Earlier in the day police watched the entrances to the townships to ensure residents did not gather illegally. Officers patrolled the area in cars.
Some residents in Rethabiseng gathered outside a clinic that was burnt down on Tuesday night. There was still smoke coming from the charred roof.
Residents of Ekangala demanded improved service delivery in the area. Various buildings, including the clinic and a house in nearby Rethabiseng, had been set alight during the protests.
Locals said they had been in the area since the early 1990s, but nothing had been done for them. During a community meeting, Mita Mothoa from Dark City, a section of Ekangala, said she was still using a pit toilet.
“Tshwane is not treating us right. We don’t have toilets and title deeds. It’s time we stood up,” she said.
Community leader Petros Molobola told the group gathered at the community hall that residents did not want to fall under the City of Tshwane.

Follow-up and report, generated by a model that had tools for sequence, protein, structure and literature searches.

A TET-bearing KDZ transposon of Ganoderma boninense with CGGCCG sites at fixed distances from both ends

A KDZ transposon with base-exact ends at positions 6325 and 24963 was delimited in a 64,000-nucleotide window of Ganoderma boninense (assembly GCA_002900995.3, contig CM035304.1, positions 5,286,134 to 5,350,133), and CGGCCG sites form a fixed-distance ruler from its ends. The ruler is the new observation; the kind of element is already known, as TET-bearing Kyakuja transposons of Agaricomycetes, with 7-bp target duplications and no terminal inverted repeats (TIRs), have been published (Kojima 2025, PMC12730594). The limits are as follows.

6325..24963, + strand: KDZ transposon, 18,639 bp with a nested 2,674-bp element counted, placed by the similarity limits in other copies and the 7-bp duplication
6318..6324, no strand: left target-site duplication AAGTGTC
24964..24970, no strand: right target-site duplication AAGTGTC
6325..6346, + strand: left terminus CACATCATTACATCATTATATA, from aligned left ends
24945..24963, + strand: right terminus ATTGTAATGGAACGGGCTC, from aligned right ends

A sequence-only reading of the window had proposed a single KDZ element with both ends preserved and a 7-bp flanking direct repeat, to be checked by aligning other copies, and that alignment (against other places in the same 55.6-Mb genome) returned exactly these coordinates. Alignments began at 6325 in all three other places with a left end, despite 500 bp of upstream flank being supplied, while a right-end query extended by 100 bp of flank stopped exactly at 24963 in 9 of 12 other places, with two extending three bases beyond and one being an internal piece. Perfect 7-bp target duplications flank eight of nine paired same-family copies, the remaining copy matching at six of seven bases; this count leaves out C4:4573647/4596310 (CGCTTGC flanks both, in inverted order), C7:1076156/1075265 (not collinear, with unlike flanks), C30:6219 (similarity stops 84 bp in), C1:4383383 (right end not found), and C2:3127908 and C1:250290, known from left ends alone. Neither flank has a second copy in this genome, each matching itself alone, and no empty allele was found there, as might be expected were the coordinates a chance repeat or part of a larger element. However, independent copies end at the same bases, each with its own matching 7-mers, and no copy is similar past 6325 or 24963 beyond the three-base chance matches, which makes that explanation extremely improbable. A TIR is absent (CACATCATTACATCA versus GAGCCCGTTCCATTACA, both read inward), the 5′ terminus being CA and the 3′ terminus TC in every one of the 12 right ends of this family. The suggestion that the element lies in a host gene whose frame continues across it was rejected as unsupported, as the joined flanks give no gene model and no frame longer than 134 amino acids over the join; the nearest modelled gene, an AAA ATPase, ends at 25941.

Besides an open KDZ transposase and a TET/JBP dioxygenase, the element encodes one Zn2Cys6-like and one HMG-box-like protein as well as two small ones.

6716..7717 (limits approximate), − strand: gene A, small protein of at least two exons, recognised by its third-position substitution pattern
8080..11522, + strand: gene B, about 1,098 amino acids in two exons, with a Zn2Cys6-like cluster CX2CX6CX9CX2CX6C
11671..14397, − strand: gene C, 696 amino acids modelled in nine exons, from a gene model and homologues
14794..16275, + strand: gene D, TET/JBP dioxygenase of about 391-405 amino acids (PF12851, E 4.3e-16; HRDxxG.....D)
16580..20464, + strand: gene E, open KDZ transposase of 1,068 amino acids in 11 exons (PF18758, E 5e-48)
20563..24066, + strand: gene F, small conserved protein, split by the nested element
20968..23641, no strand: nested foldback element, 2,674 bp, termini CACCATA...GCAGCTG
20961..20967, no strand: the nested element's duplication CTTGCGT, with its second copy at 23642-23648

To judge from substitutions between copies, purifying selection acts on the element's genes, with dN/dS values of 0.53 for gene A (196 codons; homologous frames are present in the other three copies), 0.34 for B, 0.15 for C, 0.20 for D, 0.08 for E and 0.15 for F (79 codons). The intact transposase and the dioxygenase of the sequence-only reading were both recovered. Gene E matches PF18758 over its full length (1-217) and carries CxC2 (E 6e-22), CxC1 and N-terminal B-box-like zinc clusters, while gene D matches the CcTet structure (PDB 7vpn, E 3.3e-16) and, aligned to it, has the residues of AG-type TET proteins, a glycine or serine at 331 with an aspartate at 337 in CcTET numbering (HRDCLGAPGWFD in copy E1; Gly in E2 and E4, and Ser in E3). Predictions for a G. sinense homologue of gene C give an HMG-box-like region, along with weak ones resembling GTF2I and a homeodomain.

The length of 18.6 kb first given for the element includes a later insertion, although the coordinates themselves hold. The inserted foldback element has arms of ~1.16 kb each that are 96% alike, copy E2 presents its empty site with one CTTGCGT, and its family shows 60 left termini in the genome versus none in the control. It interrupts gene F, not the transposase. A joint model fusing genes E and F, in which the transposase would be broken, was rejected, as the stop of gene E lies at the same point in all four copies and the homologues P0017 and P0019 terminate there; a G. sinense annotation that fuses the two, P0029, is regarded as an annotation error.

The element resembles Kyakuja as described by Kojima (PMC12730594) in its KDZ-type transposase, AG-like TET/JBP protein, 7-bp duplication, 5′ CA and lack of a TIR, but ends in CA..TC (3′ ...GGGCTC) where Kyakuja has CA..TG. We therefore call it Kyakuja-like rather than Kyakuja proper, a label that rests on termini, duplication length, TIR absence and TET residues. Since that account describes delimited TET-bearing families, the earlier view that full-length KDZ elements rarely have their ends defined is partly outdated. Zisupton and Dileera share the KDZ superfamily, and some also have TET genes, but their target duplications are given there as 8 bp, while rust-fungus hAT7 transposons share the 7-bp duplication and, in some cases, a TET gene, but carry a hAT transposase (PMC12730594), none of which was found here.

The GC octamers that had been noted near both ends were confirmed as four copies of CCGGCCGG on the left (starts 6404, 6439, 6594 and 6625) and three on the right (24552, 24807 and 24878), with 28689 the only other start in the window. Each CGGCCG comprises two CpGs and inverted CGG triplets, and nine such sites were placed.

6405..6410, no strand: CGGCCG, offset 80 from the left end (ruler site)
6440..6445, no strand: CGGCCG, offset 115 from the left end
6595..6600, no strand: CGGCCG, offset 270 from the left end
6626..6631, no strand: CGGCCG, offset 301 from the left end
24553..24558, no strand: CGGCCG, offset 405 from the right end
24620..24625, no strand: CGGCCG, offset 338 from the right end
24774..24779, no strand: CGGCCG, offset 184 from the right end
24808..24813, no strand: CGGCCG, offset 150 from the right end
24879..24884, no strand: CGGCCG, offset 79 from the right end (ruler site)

“We never accepted Tshwane, our parents did. We are not Sputla’s [mayor Kgosientso Ramokgopa’s] puppets,” he said.
The area used to fall under the Metsweding municipality but was merged with Tshwane in 2011. Other residents said they wanted land to build shacks. A site had been identified where residents would start building shacks.
“We are going to build them and they [municipality and police] must not remove us,” said one resident.
Before the meeting, a group calling themselves Concerned Residents of Ekangala danced in the street with a banner with the words “away with Tshwane, give us back our Metsweding”, and “give our title deeds, develop Metsweding, no poor service”.
Residents said they would meet around 4pm to decide on a way forward.